Wireless communication systems are expected to play a crucial role in a variety of important technologies including tablets, smartphones, energy-harvesting devices, and medical devices. The need for compact systems with a high data rate means that nanotechnology-enabled devices will likely be the backbone of nextgeneration wireless communication systems . In particular, these devices require high-performance nanoantennas which are capable of operating anywhere from the optical to terahertz regimes. Metallic devices at these frequencies can no longer be treated as perfect electric conductors (PECs). Instead, they exhibit significant dispersion and loss  which results in a drastic impact on the antenna parameters, including directivity and gain . While closed-form analytical expressions are widely available for antennas operating in the RF regime, optical antennas are mostly designed using numerical simulation tools. Though these tools are very useful for high-fidelity simulations of complex structures, they typically require a large amount of computational resources and time. The availability of exact analytical expressions lead to a deeper intuitive understanding of the underlying physics and also allow for much faster, less computationally intensive design iterations. While there is a large amount of literature devoted to the analysis and design of nanodipole antennas, there has been less analytical study of the nanoloop antenna despite its potential applications in sensing, spectroscopy, and light harvesting in solar cells. This is due to the extremely complex form of the integrals which must be solved. This book chapter will present a summary of recent work on the theory of nanoloop antennas. First, Section 1.1 presents a theoretical formulation for the antenna parameters of nanoloops with an arbitrary number of impedance loads placed around the periphery. In particular, useful exact analytical expressions will be derived for the current, input impedance, far-zone electric field, radiated power, directivity, and gain. These expressions will be specialized for the case of a simple closed loop with no additional impedance loads. Next, Section 1.2 presents analytical expressions for evaluating the coupling between two loops at arbitrary locations. Array factor theory can be employed to compute the resulting far-field properties of arrays of nanoloops. After the theoretical derivations have been presented, a variety of interesting results will be showcased. Section 1.3 presents a surprising discovery, the fact that superdirectivity over a broad bandwidth occurs for a nanoloop comprised of the appropriate material and size. A physical explanation of this phenomenon will be presented, along with comparisons to dielectric nanoantennas. Then, Section 1.4 shows a variety of trade-off curves between electrical size, directivity and gain. The geometries under consideration will include closed and impedance-loaded nanoloops, along with arrays of nanoloops. Finally, Section 1.5 introduces an exciting new research topic, elliptical nanoloop antennas. The analytical theory and some interesting results are presented.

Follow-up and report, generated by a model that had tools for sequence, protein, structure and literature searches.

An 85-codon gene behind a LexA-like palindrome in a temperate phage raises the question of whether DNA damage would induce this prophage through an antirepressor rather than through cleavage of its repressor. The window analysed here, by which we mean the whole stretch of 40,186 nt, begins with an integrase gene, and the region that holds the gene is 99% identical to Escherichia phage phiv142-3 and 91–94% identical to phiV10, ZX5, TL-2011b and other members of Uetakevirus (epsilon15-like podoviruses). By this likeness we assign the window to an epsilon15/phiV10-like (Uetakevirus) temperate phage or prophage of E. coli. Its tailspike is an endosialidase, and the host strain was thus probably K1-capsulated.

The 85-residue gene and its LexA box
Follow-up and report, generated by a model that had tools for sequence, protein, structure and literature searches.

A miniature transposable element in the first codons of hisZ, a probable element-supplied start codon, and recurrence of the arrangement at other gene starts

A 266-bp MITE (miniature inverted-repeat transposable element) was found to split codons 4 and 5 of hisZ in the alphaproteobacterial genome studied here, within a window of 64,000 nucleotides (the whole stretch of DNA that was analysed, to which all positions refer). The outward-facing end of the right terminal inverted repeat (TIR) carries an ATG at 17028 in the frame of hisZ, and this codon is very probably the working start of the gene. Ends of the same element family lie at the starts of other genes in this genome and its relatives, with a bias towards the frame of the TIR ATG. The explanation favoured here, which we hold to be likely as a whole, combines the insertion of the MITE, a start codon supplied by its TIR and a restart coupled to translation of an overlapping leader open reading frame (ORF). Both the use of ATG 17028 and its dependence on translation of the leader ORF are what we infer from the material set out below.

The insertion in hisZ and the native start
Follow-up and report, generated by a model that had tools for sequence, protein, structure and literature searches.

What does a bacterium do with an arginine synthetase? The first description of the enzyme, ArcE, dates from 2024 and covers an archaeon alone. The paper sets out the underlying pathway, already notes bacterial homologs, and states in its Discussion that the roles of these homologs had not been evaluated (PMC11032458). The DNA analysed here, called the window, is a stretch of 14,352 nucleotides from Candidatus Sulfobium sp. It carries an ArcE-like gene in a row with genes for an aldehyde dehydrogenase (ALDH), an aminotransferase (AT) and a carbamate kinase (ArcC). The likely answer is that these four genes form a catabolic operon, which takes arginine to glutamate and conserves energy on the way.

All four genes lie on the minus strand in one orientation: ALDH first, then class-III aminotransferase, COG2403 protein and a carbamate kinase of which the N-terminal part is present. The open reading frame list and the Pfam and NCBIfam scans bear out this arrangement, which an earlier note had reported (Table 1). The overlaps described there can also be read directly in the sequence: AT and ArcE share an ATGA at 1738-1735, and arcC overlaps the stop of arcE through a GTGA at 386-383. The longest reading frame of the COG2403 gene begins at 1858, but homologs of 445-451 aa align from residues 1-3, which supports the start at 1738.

|Original language||English (US)|
|Title of host publication||Nanoantennas and Plasmonics|
|Publisher||Institution of Engineering and Technology|
|Number of pages||51|
|State||Published - Jan 1 2020|
All Science Journal Classification (ASJC) codes
- Physics and Astronomy(all)